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Obesity, or the accumulation of excessive fat in the body that could be detrimental to health, has become a health crisis and a global epidemic. It is defined as a condition wherein a person’s body mass index (BMI) is above 30.

Obesity has been linked to various diseases like diabetes, heart failure, high blood pressure and even early death. That’s why Schneider Medical Group Primary Care in Raleigh wants to raise global awareness about this silent disease.

In the U.S., the obesity rate has climbed in three decades to 39.8% or 93.3 million in adults and 18.5% or 13.7 million in children, as per the Center for Disease Control and Prevention. The cost of obesity does not just impact health services or human capital loss, but also in the way governments around the world could manage finite resources. 

Causes of Obesity

There are two main factors that affect the rate of obesity, according to the World Health Organization. This epidemic has been linked to:

  • An increased intake in foods that are high in fat
  • An increase in sedentary lifestyle because of urbanization 

Those who live in progressive cities have several options for food and beverages that are highly processed, or high in salt, sugar and saturated fat. City dwellers also have access to better options for transportation, communication, and recreation with the emergence of various digital devices.

People who work in urbanized areas likely have a job that isn’t physically very demanding. These scenarios limit the way people expend their energy hence the likelihood of weight gain. 

According to Scientific American, urbanization remains a major factor to impact obesity even as rural areas today also have access to modern food supply and mechanized farming or transport. However, the risk of obesity in regions previously affected by hunger and wasting is already there. One day soon, even those in Africa, South Asia, and other countries may face an obesity epidemic instead of starvation.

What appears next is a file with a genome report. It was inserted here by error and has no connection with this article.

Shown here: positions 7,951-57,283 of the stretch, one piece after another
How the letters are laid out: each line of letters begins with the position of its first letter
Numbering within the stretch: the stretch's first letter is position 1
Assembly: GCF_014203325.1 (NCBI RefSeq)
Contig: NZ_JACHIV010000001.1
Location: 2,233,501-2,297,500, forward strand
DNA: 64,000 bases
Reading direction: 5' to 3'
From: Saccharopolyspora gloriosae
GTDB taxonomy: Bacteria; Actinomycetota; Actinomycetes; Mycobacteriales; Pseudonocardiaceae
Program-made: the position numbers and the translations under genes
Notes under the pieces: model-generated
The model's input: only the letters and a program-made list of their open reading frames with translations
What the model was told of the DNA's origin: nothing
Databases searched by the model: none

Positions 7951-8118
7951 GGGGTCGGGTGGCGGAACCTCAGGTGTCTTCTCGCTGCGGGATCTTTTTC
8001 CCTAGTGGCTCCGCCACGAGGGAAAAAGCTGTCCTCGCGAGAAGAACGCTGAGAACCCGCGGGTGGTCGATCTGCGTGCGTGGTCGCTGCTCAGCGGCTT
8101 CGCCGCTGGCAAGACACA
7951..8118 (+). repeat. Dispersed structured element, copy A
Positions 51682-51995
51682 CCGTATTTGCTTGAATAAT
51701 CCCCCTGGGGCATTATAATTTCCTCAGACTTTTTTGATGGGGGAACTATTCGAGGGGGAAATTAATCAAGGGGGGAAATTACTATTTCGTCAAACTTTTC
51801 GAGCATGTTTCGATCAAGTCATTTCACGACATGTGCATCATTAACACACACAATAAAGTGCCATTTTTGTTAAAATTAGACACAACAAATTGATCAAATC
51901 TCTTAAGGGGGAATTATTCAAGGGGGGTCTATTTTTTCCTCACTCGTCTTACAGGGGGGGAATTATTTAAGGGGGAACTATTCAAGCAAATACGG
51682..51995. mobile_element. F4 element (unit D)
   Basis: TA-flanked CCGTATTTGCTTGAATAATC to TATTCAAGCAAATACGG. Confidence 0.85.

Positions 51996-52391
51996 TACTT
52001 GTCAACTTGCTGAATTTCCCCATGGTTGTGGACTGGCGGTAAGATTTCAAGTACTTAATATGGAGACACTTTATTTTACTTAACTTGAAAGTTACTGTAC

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Eating fat food concept as an open mouth biting into unhealthy snacks shaped as text as a bad nutrition and obesity symbol for craving high calorie fatty meals.

More Eating, Not Enough Burning

The human body is designed to endure hunger hence in the primitive period, humans hunted and scavenged for food and get the most of the calories their body needed while eating everything fresh.

Today, however, humans can easily buy packaged food anywhere and store these in the fridge or cupboards for eating at any time. Humans can also simply pick out food from a number of restaurants around them, which serve large portion sizes to consume beyond their body’s caloric needs.

Our primary care doctor in Raleigh says that burning those calories with exercises and physical activities should do the trick, but people today are eating more than their bodies can burn. So, while some individuals might stay off pizza or fast-food to start eating healthy, they would still need to exercise regularly if their job entails sitting on the computer most days or if their lifestyle lacks activities.

Physical education classes are becoming obsolete in some schools as well. Thus, there is a need for the community to come together to combat this epidemic by creating more opportunities for activities and access for recreation among people of all ages. Local programs that help reduce obesity should gain proper support from political, business, socio-economic, and healthcare leaders. 

Know Your BMI! Visit Schneider Medical Group Primary Care in Raleigh

The first step towards treating obesity is awareness of the condition. To find our what your BMI is, visit our primary care doctor in Raleigh.

Dr. Schneider’s office provides extended scheduling hours for office visits and a direct 24 hour line of communication every day. Book your appointment now! For inquiries, call us at 919-301-8971.

The material contained on this site is for informational purposes only and DOES NOT CONSTITUTE THE PROVIDING OF MEDICAL ADVICE, and is not intended to be a substitute for independent professional medical judgment, advice, diagnosis, or treatment. Always seek the advice of your physician or other qualified healthcare providers with any questions or concerns you may have regarding your health.